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June 2, 2016 6:21 am

Journalist Blatantly Wrong About Avigdor Lieberman and Two-State Solution

avatar by Adam Levick

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Yisrael Beytenu leader Avigdor Leiberman and Prime Minister Benjamin Netanyahu, announcing their coalition agreement. Photo: Facebook/Screenshot.

Yisrael Beytenu leader Avigdor Leiberman and Prime Minister Benjamin Netanyahu, announcing their coalition agreement. Photo: Facebook/Screenshot.

An op-ed by Rachel Shabi (a frequent Guardian contributor) published in the Independent on May 30, included the following claim concerning the position of Israel’s new defense minister, Avigdor Lieberman, on the issue of the two-state solution.

The man now in charge of the Israeli army and the military occupation of Palestinians in the West Bank…has vowed there will never be a Palestinian state.

However, the claim that Lieberman vowed “there will never be a Palestinian state” ignores positions that he’s taken consistently since 2009 — covered widely in the media — that he supports the creation of a Palestinian state.

He wrote, in a letter to the New York Jewish Week in early 2009, that he “advocates the creation of a viable Palestinian state.” A month later, he told Time magazine that he would evacuate his own home in the settlement of Nokdim if a peace agreement with the Palestinians is reached.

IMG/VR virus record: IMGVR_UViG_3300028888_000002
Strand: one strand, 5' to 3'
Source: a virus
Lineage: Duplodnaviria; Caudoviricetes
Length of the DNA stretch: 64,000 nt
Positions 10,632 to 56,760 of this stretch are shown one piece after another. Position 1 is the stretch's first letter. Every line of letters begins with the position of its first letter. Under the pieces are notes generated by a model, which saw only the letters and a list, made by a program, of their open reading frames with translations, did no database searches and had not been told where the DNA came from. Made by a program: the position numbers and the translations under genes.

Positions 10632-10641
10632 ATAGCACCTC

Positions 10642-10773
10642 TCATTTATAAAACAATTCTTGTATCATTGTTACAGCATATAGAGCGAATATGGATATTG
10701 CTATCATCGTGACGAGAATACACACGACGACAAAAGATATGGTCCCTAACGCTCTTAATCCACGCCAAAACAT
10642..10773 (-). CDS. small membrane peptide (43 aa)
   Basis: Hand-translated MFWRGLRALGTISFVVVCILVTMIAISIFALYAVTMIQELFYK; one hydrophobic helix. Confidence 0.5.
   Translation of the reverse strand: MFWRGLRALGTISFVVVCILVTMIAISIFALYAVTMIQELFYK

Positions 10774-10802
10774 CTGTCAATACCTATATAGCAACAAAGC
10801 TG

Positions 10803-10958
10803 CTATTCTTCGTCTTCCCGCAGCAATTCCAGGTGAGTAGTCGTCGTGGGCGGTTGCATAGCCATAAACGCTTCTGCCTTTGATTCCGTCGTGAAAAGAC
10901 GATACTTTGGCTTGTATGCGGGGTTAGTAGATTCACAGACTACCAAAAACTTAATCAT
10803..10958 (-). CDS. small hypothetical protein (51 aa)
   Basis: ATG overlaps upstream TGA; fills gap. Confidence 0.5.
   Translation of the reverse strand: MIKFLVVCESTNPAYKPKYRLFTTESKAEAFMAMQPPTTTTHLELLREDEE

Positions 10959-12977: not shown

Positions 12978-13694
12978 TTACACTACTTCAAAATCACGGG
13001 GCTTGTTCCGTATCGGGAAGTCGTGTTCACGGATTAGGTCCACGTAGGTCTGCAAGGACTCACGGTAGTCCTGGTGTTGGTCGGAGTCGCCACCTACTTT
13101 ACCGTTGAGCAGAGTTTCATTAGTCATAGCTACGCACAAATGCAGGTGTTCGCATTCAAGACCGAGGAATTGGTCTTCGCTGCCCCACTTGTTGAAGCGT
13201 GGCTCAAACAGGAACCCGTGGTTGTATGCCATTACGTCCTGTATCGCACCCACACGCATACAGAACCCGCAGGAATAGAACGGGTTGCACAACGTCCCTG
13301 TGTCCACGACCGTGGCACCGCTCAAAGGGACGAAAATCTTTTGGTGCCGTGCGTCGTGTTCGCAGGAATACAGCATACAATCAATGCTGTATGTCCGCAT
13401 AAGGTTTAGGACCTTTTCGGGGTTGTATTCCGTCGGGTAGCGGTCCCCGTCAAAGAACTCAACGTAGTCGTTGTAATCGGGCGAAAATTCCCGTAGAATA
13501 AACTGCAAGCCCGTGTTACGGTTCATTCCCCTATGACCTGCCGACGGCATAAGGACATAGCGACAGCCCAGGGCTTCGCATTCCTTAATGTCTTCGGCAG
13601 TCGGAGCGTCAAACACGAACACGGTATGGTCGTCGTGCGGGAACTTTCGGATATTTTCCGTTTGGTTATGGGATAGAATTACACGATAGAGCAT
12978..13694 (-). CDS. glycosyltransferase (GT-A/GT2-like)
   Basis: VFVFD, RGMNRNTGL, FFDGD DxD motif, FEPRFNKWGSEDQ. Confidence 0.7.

In fact, even the Independent, in a July 17, 2012, report by Catrina Stewart (“Could corruption trial stop the rise of the black sheep of Israeli politics?”), acknowledged that Lieberman supports a two-state solution.

Since his appointment as defense minister, other media outlets have matter-of-factly noted his support for two states. For instance, a May 25 BBC article on Lieberman’s position noted that he “favours a two-state solution.”

In fact, on the day Shabi’s op-ed went online at the Indy, Lieberman gave a press conference at which he re-affirmed his support for a two-state agreement.

While commentators are free to criticize Lieberman, express skepticism over his sincerity in supporting two states, or question the morality of what’s known as “The Lieberman Plan,” Shabi’s claim that he “vowed there would never be a Palestinian state” is simply inaccurate. Per the Accuracy Clause of the Editors’ Code, the passage should be revised to more accurately reflect this fact.

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